Referring back to the flow chart of FIG. 3, the component object table 450 fields that are initially filled in by the sliding panel container may vary widely depending upon the optimizations chosen by a particular system. By way of example, in the described embodiment the sliding panel container object fills in a location field 452 that identifies the location of the associated sliding panel (i.e., the north, south, east or west edge of the active window); an index field 454 that identifies the handle number within the associated sliding panel that the component object is to be located in; and a class type field 456 which identifies the class of the newly created component object. The sliding panel container object may fill in additional fields within the component object table 450 such as the background color and handle color fields 460, 462 at this time as well.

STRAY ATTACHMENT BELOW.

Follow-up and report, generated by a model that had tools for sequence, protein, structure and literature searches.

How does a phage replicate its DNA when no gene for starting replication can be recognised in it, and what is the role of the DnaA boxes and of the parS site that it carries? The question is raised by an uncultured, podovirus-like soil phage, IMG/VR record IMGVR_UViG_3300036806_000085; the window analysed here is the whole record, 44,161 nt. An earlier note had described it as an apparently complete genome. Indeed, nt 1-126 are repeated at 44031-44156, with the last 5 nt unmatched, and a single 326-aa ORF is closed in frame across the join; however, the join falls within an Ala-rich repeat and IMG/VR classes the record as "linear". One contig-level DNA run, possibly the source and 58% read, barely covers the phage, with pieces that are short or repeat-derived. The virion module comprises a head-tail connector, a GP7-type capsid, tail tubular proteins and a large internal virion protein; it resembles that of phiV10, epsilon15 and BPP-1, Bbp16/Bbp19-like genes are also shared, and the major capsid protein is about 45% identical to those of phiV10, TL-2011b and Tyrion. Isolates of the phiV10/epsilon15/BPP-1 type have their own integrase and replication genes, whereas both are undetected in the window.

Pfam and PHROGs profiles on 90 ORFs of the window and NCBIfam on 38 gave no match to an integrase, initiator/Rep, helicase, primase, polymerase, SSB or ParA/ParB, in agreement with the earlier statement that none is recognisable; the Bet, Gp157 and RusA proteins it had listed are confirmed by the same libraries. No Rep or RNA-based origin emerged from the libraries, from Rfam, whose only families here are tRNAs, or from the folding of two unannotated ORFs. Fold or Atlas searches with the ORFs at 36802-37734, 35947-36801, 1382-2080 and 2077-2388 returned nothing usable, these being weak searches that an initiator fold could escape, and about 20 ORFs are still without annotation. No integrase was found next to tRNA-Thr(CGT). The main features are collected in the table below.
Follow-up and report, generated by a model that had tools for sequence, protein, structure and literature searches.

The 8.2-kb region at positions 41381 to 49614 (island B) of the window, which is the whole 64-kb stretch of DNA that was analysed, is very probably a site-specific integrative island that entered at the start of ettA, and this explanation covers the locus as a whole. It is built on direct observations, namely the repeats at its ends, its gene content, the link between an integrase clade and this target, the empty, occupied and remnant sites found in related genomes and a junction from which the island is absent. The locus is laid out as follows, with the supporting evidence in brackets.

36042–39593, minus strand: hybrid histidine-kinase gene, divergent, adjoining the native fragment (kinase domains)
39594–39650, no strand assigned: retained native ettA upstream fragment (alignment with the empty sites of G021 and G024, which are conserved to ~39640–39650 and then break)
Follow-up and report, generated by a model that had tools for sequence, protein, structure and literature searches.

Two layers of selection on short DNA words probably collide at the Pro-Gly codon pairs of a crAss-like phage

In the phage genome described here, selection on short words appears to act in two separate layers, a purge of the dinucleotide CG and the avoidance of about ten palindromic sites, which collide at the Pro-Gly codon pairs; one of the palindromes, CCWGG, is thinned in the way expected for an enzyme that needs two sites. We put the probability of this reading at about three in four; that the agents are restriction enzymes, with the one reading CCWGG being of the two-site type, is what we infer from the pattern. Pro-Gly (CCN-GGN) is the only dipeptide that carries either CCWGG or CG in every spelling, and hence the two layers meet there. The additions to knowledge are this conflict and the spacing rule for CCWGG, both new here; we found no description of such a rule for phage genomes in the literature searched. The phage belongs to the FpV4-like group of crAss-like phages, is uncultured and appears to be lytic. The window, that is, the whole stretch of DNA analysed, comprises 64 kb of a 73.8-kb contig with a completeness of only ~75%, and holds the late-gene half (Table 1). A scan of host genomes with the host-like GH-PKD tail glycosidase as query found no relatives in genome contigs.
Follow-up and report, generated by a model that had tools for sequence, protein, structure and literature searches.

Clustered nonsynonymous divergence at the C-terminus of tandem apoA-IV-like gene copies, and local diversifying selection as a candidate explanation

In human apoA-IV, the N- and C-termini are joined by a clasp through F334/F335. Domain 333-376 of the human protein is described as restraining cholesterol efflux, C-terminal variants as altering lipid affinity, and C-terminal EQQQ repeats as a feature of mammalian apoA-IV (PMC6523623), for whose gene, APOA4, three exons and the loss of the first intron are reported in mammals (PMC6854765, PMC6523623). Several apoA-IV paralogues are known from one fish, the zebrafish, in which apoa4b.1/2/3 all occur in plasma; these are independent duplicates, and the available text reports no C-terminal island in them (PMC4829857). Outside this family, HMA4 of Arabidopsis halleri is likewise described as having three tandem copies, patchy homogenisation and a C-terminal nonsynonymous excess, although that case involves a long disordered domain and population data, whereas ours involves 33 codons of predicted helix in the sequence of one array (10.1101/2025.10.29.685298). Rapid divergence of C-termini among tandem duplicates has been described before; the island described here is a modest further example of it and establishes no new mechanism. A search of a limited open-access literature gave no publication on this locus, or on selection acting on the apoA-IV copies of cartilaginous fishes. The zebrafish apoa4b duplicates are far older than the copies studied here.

After the sliding panel container object has at least partially filled in the component object table in step 313, the location (e.g. N, S, E or W) and handle index number of the associated sliding panel are passed from the sliding panel container object to the newly created component object in step 315. The location values passed to the component object are the values received in step 301 and simply inform the newly created component of its location. Other parameters of interest to the component such as handle color and/or the desired background color for the associated sliding panel may be passed to the newly created component as well.